Here are a few citations from Helen Nicholson’s The Knights Templar, A New History
, relative to the Templar fleet, with interpolations from other texts as noted.http://freemasonry.bcy.ca/anti-masonry/templars.html
"The Templars did have ships to carry personnel, pilgrims and supplies across the Mediterranean between the West and East and back, but if the Hospital after 1312 is any guide they did not have more than four galleys (warships) and few other ships, and if they needed more they hired them. They certainly could not spare ships to indulge in world exploration — in any case, their ships were not sturdy enough to cross an ocean and could not carry enough water for more than a few days.
The Order had vast resources in land, but was always very short of liquid capitol, which was needed to invest in fortifications and personnel in the east." [p. 12.] [The Falcon and the Templar Rose are mentioned by name in Malcolm Barber’s The New Knighthood. Piers Paul Read, in The Templars p. 271, claims eighteen galleys, without citation.]
"When the Templars had made their money in the West, they had to get it out to the East. There has been some debate among scholars as to whether any actual transfer of coin took place, but the latest view is that coin was actually carried from the West to the East. This meant that the Templars needed ships to carry their coin, as well as agricultural produce, horses and personnel for the east. They also provided a secure carrying service for pilgrims — safer and cheaper than hiring a commercial carrier. These would have been heavy transport vessels rather than warships. Much of the surviving evidence for Templar shipping comes from the relevant port records or royal records giving permission for the export of produce. At La Rochelle on the west coast of France during the twelfth century the Templars were given several vinyards and produced wine for their own consumption and for export; although the cartulary of their house is lost, the records of the port of La Rochelle show that the Templars were exporting wine by ship. This was not a fleet in any modern sense: again, those would have been transport vessels rather than warships, and the Templars probably hired them as they needed them, rather than buying their own.
"The hierarchial statutes attached to the Templars' Rule, dating from the twelfth century before 1187, refer to the Order’s ships at Acre (Sectin 119), but do not state how many ships the Order owned. After 1312 the Hospital of St. John was mainly involved in sea-based warfare and had an admiral in command of its marine operations, but only had four galleys (warships), with other vessels. It is unlikely that the Templars had any more galleys than the Hospitallers. The ships would have been very small by modern standards, too shallow in draught and sailing too low in the water to be able to withstand the heavy waves and winds of the open Atlantic, and suited for use only in the relatively shallow waters of the continental shelf. What was more, they could not carry enough water to be at sea for long periods."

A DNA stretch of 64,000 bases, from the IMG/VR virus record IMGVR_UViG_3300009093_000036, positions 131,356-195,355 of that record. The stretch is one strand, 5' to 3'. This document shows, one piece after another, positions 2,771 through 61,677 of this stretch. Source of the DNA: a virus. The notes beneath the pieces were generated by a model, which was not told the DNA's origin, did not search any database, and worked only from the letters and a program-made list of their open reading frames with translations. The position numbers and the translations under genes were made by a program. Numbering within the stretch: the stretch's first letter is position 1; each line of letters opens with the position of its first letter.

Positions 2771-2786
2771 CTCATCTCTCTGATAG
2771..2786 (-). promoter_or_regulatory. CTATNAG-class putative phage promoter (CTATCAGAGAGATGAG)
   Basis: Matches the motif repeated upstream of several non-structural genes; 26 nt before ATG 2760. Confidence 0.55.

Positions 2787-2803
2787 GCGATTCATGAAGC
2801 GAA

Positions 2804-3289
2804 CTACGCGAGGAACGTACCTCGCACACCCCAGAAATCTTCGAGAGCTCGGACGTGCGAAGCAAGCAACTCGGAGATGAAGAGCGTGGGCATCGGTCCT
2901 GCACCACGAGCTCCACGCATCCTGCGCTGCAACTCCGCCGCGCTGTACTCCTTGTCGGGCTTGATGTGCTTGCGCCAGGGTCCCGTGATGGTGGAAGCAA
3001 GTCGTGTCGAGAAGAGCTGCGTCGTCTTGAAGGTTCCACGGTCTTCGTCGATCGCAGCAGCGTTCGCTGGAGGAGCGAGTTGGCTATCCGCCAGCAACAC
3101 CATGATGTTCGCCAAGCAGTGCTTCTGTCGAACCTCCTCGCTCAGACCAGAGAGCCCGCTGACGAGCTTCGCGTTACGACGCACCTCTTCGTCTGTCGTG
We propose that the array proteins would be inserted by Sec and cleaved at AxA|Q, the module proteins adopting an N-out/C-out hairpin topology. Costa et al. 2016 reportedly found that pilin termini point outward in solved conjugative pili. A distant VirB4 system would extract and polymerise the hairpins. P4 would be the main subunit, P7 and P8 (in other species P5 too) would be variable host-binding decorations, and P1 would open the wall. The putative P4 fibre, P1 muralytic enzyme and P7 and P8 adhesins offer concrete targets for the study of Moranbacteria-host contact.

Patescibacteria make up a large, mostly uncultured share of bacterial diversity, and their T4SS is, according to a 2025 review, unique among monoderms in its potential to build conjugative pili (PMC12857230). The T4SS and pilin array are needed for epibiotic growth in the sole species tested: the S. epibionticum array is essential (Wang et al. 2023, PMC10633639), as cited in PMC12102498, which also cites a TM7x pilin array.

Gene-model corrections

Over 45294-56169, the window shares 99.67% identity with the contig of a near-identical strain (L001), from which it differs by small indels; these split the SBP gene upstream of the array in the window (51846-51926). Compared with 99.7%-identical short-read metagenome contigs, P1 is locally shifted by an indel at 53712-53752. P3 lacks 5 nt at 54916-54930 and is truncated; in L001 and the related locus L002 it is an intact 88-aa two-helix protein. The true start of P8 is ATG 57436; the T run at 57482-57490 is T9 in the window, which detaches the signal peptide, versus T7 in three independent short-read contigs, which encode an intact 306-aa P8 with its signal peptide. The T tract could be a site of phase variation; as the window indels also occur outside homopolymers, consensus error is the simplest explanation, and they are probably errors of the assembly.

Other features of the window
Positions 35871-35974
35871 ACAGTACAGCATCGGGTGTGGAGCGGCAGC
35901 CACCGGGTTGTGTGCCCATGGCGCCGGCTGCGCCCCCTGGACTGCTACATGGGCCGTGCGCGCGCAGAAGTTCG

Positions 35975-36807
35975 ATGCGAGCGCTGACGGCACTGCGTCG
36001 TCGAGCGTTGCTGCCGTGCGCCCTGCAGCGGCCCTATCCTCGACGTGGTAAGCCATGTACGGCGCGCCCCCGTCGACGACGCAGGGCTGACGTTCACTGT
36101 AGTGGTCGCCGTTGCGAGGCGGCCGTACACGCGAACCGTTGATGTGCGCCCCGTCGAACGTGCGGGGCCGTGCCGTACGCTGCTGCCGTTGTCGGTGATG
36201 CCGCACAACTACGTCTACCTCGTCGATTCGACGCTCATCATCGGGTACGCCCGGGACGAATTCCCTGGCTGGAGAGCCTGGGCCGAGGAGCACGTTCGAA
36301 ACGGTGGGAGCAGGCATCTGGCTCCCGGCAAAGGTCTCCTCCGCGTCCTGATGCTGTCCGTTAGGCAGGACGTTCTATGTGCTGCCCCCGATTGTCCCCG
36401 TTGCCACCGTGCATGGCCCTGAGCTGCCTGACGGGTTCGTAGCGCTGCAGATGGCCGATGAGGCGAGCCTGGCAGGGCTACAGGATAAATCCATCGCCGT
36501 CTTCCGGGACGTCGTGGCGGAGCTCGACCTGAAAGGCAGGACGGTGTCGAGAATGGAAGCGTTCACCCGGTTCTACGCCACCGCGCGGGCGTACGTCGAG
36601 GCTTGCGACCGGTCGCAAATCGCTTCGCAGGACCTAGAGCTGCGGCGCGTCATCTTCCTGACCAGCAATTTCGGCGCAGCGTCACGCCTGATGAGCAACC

"[Pope] Nicholas IV also ordered the Masters of the Temple and Hospital to build up a fleet, and in January 1292 he authorized them to use their ships to assist the Armenians. In 1293 the Templars and Venetians equipped six galleys in Venice to help protect Cyprus against the Muslims: there were four Venetian and two Templar ships. On the basis that this was the maximum number of ships that the Templars could find for this important project, a fleet of two is hardly impressive."
"The Templar pilgrim fleet was based at Marseilles. In 1233 they were granted the right to dock their ships there and carry pilgrims to the Holy Land, but after protests by local ship owners this was restricted to two ships a year, leaving for Easter and in August. They were allowed to carry 1,500 pilgrims in these, and to keep one ship in the port for their own use." Supplying the Crusader states, Barber
. p. 322]
"Their main fleet was at La Rochelle, and it was this fleet, berthed away from the theatre of war, that was part of the maritime network linking the Order in the British Isles with the continent. We know the class and names of at least two of the ships plying between La Rochelle and the south coast. In 1230 Henry III issued a licence to the Templars' ship La Templere from La Rochelle to land, bringing wine and victuals for the brothers. A little later another licence was given to the Master and the brothers of the Temple for the vessel called La Buzzard to come into port. (Calender of Patent Rolls, 1225-1232). The Knights Templar in Britain, Evelyn Lord, p. 120.]
So it would appear, from Nicholson's research findings, that the Templar fleet based out of La Rochelle was comprised of a small number of commercial vessels engaged in wine trade with England and the Continent.
(And as for your dismissive tone about the rotten Cahorsin wine, Mr. Roger, I'll have you know that my umpteenth-great-grandfather Arnaud Duèze made a killing trading it to the Hanse in Bruges and in London, so nyeh